During city council’s discussion (item 33.1) last week about Cortney Niland asking that the city rescind its prohibition of electronic devices at the city dais during city council meetings, there was another elected official whose government transparency notions need to be scrutinized. As you know, Niland has told you that she will not follow the rules of city council. However, lost in the Niland controversy, were Jim Tolbert’s comments and vote.

During the meeting, Tolbert argued that he should be allowed to keep his personal electronic device with him in order to “take a personal message” from his daughter, as an example. Tolbert argued that elected officials were “adults” and thus they should be allowed to keep their phones on them during the meetings.

Jim Tolbert stated (3:44) “frankly, I kind of wonder if we can be told that we can’t” referring to not being allowed to keep his phone on him during the meeting.

Like Tolbert stated, it comes down to “trust”.

The problem is that the El Paso City Council has been shown numerous times to have abused the use of electronic devices during city council meetings. During the Caballero and Wardy administrations there were several controversies about back-channel messaging going on during city council meetings. During the John Cook administration, it has been documented that back channel communications and council actions were conducted even though the public was not allowed to participate.

Most recently, Claudia Ordaz was shown to be taking direction from someone in the audience during a city council meeting. Ordaz was receiving talking points about what to say and how to respond to an agenda item she placed for public discussion.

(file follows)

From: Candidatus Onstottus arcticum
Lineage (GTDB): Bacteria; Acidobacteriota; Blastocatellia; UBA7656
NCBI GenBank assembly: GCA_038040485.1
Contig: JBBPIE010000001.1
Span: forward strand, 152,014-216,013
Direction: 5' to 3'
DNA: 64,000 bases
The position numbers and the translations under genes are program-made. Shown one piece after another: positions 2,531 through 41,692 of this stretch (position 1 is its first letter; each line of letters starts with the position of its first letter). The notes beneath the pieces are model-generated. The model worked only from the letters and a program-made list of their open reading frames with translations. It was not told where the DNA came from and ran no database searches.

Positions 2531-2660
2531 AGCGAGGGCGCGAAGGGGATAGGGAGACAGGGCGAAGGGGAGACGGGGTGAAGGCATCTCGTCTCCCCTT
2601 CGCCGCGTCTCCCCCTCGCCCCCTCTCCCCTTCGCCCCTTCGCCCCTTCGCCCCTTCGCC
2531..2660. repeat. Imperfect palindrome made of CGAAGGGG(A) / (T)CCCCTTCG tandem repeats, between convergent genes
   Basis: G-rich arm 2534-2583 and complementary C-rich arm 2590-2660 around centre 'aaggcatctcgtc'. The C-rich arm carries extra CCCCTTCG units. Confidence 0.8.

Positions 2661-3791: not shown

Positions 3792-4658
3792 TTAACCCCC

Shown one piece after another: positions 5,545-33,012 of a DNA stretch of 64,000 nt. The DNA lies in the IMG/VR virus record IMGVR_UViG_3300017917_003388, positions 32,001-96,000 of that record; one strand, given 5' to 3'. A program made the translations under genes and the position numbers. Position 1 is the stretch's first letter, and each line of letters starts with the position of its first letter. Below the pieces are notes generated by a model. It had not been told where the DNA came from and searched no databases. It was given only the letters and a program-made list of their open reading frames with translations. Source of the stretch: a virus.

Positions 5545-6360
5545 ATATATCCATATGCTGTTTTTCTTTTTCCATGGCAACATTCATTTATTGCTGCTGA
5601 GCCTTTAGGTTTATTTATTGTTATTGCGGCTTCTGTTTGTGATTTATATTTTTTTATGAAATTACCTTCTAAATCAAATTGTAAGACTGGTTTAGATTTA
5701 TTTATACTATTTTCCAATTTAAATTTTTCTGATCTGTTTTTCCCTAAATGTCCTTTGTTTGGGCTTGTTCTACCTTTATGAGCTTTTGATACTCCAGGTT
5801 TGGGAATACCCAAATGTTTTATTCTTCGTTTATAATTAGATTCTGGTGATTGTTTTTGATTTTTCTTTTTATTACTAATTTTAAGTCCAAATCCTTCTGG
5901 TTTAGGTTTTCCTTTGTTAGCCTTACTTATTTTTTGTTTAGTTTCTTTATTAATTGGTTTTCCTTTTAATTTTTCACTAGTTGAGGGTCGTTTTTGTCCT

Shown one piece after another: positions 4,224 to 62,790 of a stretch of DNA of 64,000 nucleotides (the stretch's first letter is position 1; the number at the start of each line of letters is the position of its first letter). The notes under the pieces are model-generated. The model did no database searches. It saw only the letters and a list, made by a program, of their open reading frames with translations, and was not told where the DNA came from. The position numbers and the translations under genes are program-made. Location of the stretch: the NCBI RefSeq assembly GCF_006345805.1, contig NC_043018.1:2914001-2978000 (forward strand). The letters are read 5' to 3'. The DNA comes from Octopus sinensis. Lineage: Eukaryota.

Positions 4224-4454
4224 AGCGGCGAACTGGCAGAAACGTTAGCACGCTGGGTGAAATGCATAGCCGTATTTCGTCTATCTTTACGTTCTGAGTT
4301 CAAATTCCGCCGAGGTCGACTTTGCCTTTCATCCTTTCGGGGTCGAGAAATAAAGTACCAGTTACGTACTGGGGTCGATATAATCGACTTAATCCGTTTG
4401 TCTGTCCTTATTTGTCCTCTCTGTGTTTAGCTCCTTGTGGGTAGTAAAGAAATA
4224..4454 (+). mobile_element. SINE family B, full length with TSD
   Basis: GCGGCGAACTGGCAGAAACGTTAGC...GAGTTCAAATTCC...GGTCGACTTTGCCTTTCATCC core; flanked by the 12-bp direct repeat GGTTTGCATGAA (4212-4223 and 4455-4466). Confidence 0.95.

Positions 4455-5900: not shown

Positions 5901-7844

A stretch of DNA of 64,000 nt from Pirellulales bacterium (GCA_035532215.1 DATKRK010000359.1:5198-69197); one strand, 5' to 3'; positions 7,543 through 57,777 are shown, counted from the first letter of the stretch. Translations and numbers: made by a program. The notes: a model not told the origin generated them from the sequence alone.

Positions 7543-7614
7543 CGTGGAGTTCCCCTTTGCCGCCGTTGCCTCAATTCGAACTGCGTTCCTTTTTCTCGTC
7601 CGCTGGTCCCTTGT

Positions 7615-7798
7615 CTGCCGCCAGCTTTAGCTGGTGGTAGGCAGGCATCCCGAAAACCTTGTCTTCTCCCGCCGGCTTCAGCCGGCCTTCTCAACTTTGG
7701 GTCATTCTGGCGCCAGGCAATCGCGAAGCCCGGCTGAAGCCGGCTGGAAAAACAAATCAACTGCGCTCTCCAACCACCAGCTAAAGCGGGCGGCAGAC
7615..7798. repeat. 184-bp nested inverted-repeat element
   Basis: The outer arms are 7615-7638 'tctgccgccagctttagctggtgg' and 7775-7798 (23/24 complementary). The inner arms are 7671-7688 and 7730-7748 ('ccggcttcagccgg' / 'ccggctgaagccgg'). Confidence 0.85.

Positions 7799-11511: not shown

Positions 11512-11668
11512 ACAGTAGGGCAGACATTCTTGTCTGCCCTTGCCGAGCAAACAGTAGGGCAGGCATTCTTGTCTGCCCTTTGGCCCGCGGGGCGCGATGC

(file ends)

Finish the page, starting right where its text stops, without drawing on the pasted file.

The Texas Open Meetings laws are designed to keep the public’s right to participate equally on ongoing public policy discussions. Meetings, by law, are supposed to be conducted openly and transparently. Private communications during meetings, especially those directing a vote, or what point to make during the deliberations, are back-channel communications that bypass the public’s right to know how their government operates.

It has been alleged online various times that Jim Tolbert takes direction from Susie Byrd and Veronica Escobar on public policy matters. The open records requests that I have seen tend to insinuate a close working relationship between Byrd and possibly, Escobar.

With the city’s history of abusive back channel public policy deliberations, it is impossible to “trust” the city council as “adults” to do the right thing.

Tolbert insinuated during the deliberations that the city attorney might be wrong about her interpretation of the open meetings laws. Tolbert also expressed his belief that he can’t be told not to keep his smartphone on him during the meetings.

Jim Tolbert was one of the three votes asking that city council members be allowed to keep their telephones with them during city council meetings. Claudia Ordaz, the city representative caught conclusively taking direction during a city council meeting by an audience member was the other vote. Obviously, Cortney Niland was the third vote.

What does that say about Jim Tolbert and his notion of an open and transparent government?

Makes me wonder what Jim Tolbert would be saying today if Larry Romero had kept his city dealings on private devices. It is hypocritical at its core when Tolbert argues to keep back channels open during city council meetings.

Martin Paredes

Martín Paredes is a Mexican immigrant who built his business on the U.S.-Mexican border. As an immigrant, Martín brings the perspective of someone who sees México as a native through the experience...

6 replies on “Jim Tolbert and the Art of Hypocrisy About Transparency”

  1. Mr Susie Byrd in pants, we are all adults and should be trusted. That’s your logic.

    Perhaps we should repeal the majority of city ordinances. Ordinances are rules to direct certain behavior, whether it be ordered to do or not.

    So why isn’t the public allowed to decide what’s best for ourselves?

    Btw, I don’t like the police telling me I can’t use my cell phone while driving. I’m an adult and should be trusted to use good judgement on when and where I want. Now, I have to keep my phone on in case of a family emergency and accept that call while driving. Why should I be required to stop my vehicle in a safe location ?